There’s this idiot, a former Navy chaplain, letting words come out of his mouth regarding the supposed dangers of trans* women having the right to use women’s restrooms.
“He’s being abused by his parents,” Klingenschmitt asserted. “These abusive parents now have used this little boy to try and claim that he’s a girl to try and tell the world that they ought to let transgender adults into your little girl’s public bathrooms!”
“There is a demon of rape inside of this movement,” he added, “to violate your daughters”
Right. Use parents’ fear for their daughters’ safety to stoke violent bigotry against trans* women, because they don’t deal with enough violence already. So very original.
Klingenschmitt’s language of “demon of rape” is rather colorful and hyperbolic, but the idea is not that far off from the mainstream. There are plenty of people who want to make a problem out of trans* women using public restrooms marked for women.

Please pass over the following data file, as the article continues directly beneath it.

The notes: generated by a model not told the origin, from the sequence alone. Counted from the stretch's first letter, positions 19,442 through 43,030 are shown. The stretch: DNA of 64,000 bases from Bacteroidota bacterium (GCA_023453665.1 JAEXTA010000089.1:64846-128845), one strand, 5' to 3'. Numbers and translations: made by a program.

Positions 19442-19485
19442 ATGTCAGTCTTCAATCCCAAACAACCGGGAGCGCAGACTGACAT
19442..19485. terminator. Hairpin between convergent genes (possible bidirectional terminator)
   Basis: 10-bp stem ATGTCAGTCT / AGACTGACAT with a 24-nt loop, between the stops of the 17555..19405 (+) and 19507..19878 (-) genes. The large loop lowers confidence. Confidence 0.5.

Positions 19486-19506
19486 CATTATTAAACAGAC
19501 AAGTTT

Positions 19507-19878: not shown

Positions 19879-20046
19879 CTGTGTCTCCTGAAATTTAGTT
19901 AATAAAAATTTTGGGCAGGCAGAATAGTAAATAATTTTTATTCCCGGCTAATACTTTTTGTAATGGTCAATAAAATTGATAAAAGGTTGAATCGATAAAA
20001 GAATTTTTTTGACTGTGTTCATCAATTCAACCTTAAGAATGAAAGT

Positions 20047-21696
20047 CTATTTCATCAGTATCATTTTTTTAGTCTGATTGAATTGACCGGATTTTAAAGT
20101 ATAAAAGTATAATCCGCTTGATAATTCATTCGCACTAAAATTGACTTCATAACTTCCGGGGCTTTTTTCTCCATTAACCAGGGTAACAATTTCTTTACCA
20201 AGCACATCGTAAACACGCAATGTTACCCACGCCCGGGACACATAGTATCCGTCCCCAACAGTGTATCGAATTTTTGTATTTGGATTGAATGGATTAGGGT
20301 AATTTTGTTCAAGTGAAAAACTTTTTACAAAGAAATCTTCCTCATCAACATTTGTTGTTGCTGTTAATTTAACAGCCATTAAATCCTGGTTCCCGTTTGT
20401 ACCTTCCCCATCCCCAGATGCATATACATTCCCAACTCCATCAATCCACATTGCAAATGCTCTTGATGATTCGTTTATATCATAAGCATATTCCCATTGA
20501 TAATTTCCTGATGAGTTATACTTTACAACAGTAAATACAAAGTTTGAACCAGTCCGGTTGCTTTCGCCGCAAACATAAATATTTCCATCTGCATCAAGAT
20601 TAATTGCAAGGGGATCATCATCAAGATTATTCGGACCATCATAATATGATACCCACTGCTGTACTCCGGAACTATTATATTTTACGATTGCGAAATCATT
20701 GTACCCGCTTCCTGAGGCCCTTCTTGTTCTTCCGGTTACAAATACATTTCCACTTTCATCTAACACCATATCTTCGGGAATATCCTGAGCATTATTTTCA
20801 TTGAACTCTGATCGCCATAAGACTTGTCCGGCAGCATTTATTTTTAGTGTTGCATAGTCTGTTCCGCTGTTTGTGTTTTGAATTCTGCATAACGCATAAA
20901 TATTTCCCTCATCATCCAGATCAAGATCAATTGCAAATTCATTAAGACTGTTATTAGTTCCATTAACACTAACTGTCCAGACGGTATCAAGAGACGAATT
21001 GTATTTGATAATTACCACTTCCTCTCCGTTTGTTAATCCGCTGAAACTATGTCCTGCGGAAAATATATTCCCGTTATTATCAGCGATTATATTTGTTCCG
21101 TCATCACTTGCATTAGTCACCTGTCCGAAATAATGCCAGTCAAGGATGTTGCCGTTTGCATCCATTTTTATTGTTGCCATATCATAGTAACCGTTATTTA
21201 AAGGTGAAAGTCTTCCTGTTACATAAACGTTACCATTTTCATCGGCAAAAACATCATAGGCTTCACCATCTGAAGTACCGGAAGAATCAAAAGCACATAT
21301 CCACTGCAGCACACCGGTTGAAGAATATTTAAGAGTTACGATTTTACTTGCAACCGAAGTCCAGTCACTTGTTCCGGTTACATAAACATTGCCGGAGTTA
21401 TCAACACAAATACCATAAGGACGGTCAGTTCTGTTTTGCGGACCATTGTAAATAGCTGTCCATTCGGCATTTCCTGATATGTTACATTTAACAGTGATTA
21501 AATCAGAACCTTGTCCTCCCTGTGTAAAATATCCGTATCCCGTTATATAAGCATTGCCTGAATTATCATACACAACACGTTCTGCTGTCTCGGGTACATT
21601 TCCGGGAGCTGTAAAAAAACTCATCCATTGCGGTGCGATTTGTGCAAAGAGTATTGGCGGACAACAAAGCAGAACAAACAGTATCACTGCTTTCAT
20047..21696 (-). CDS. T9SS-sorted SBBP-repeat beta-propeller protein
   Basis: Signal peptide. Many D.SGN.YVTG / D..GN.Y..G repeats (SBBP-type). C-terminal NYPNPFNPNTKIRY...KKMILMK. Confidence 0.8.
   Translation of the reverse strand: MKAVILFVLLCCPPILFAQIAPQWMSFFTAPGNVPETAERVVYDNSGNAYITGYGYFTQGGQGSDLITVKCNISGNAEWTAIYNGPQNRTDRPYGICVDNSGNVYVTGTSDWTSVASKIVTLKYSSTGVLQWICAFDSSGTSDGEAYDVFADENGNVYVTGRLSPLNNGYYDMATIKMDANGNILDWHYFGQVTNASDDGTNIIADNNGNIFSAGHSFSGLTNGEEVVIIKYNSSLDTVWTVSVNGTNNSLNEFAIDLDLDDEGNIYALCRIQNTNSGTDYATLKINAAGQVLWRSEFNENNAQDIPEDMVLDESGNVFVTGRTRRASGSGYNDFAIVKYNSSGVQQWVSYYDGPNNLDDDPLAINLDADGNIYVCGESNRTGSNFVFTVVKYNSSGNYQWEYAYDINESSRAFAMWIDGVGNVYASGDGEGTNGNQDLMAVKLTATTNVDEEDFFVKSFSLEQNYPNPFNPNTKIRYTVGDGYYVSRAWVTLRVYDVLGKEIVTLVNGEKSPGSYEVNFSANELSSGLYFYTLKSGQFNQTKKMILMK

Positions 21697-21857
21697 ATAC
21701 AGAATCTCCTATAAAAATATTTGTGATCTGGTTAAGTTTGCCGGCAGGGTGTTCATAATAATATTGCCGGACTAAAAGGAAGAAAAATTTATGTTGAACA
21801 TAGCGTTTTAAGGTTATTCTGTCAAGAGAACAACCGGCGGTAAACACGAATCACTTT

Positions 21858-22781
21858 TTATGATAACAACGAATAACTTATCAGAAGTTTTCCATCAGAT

(I’ll just take a moment to point out that a trans* woman’s options for using public restrooms are basically thus: Use the ladies’ room, get yelled at. Use the men’s room, get beaten up and possibly killed. Meanwhile, she needs to pee. There are no good options here.)
Just think about what it’s like to live a life in which you have to make a serious decision every time you use the toilet in a public venue.
It might surprise Mr. Klingenschmitt to learn that his position on transgender women is no ideologically different from the position of TERFs (Trans-Exclusive Radical Feminists, for the layperson). They, too, see trans* women as men who pretend to be women so they can violate women’s spaces. It hasn’t occurred to them that there are simpler, less persecuted ways for men to stalk and harass women.
I attended the Transgender Day of Remembrance service in DC last week. I should also note that it was held in a church, with mostly Christian religious leaders running the program and heavily Christian themes involved in the musical selections, in case anyone’s wondering. No one seemed to see any inherent contradiction of Christianity with a full-throated defense of transgender people’s rights to be true to themselves and live without violence. When the service was finished, I even used the bathroom. I got in line for the ladies’ room along with several other women, most of whom were trans*, and nothing bad happened. I complimented one woman on her sparkly, festive shirt. Not for a moment did I feel unsafe.